I have written about my opinion of helmets before, but I'd like to re-visit it in response to the sheer voracity of some who are not only resistant to putting them on their own or their children's heads, but also who treat those who choose to protect themselves by wearing one so incredibly bad.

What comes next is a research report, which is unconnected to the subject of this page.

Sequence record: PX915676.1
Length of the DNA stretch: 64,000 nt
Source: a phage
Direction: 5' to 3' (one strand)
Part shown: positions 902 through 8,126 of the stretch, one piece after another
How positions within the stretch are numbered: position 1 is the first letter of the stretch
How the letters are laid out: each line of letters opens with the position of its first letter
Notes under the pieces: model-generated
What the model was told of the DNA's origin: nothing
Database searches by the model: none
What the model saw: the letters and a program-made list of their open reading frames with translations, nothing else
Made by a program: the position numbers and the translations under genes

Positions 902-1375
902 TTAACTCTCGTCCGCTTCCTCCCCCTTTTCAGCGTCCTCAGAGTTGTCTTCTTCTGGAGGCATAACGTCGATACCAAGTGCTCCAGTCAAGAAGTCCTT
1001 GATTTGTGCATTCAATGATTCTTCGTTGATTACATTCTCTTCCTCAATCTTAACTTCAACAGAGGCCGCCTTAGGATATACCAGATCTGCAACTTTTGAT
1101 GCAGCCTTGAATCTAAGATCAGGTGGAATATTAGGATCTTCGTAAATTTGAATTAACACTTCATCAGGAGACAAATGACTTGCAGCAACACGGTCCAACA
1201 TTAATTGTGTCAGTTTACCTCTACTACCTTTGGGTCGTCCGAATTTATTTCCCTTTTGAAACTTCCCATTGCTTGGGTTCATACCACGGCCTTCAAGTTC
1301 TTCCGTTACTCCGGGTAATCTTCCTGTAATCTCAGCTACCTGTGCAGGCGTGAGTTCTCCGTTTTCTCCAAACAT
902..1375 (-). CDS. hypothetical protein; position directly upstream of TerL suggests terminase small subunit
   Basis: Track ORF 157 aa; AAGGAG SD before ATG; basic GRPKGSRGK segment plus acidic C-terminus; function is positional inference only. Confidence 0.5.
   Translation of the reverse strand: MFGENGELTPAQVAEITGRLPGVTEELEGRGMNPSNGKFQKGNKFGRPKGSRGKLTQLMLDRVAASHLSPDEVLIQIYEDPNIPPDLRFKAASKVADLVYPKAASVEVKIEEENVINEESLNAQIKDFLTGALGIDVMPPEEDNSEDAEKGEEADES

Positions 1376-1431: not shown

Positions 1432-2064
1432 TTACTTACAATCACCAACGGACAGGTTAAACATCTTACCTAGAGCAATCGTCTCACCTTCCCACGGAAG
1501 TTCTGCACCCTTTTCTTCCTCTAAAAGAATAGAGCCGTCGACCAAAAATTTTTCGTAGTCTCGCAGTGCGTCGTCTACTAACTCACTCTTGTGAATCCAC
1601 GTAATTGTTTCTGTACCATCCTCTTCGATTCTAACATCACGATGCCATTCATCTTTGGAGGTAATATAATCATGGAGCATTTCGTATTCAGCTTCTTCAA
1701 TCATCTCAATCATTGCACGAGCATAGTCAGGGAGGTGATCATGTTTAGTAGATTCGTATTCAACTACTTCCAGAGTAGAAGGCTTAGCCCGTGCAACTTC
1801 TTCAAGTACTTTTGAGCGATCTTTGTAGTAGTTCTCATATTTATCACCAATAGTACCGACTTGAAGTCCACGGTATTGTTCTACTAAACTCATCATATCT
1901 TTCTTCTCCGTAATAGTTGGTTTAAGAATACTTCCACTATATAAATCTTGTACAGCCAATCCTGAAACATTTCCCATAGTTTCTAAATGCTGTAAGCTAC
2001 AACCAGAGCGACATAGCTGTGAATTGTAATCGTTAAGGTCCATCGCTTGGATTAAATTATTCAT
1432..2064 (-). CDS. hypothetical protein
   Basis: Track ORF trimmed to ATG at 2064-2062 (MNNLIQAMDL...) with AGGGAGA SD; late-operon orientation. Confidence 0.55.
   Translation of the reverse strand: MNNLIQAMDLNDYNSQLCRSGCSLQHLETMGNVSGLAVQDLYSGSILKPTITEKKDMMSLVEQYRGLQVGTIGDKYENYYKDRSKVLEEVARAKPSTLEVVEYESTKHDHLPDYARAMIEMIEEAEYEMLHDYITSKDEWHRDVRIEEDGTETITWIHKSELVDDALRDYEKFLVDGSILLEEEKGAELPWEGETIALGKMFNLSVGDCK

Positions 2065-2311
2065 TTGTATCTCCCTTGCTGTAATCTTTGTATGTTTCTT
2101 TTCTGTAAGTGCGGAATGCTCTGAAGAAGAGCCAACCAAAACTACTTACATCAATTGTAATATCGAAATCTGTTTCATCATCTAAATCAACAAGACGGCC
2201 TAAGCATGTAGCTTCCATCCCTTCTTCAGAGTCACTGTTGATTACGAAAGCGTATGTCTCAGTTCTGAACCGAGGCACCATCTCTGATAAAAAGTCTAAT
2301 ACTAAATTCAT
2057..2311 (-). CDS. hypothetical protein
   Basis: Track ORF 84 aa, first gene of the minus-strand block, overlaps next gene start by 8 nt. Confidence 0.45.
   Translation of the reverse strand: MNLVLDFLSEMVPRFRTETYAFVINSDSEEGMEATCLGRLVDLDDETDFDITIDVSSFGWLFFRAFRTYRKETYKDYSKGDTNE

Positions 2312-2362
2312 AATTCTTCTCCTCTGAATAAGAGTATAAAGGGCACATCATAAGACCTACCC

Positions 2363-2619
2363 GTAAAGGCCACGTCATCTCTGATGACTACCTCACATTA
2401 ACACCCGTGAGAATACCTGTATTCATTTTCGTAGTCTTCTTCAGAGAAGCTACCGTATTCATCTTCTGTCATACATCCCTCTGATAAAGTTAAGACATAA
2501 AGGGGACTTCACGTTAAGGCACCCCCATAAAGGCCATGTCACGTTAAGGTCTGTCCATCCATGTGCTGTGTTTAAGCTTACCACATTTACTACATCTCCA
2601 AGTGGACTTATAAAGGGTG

For those who say "we didn't grow up wearing helmets, and we survived,"  you need to wake up - it's 2013.  There are a LOT of things that we didn't do 'back in the old days,' such as use car seats, wear floatation devices, or disinfect medical instruments, that help our species survive better.  Hopefully, we are evolving to take better care of the bodies we are born into and have a better understanding of how and when injury is likely to occur.  If you grew up riding horses and never knew anyone who received a concussion from falling off their horse, either you didn't know that many people who rode, or you were just plain ol' lucky.  I have known many, many people who were excellent riders who had accidents resulting in concussions, some horrific and life-changing, and I know a similar number of people whose attending ER physician told them that the only reason they were still alive is because they were wearing a helmet.  The 'good ol' days' argument is worn out and tired.  Medical science's understanding of the brain and its fragility tells us that even one good thunk in the head can cause irreversible damage, resulting in memory loss, personality changes, depression, uncontrollable anger, higher rates of suicide over the long term, and death in the short term if the hit has caused even a small brain bleed.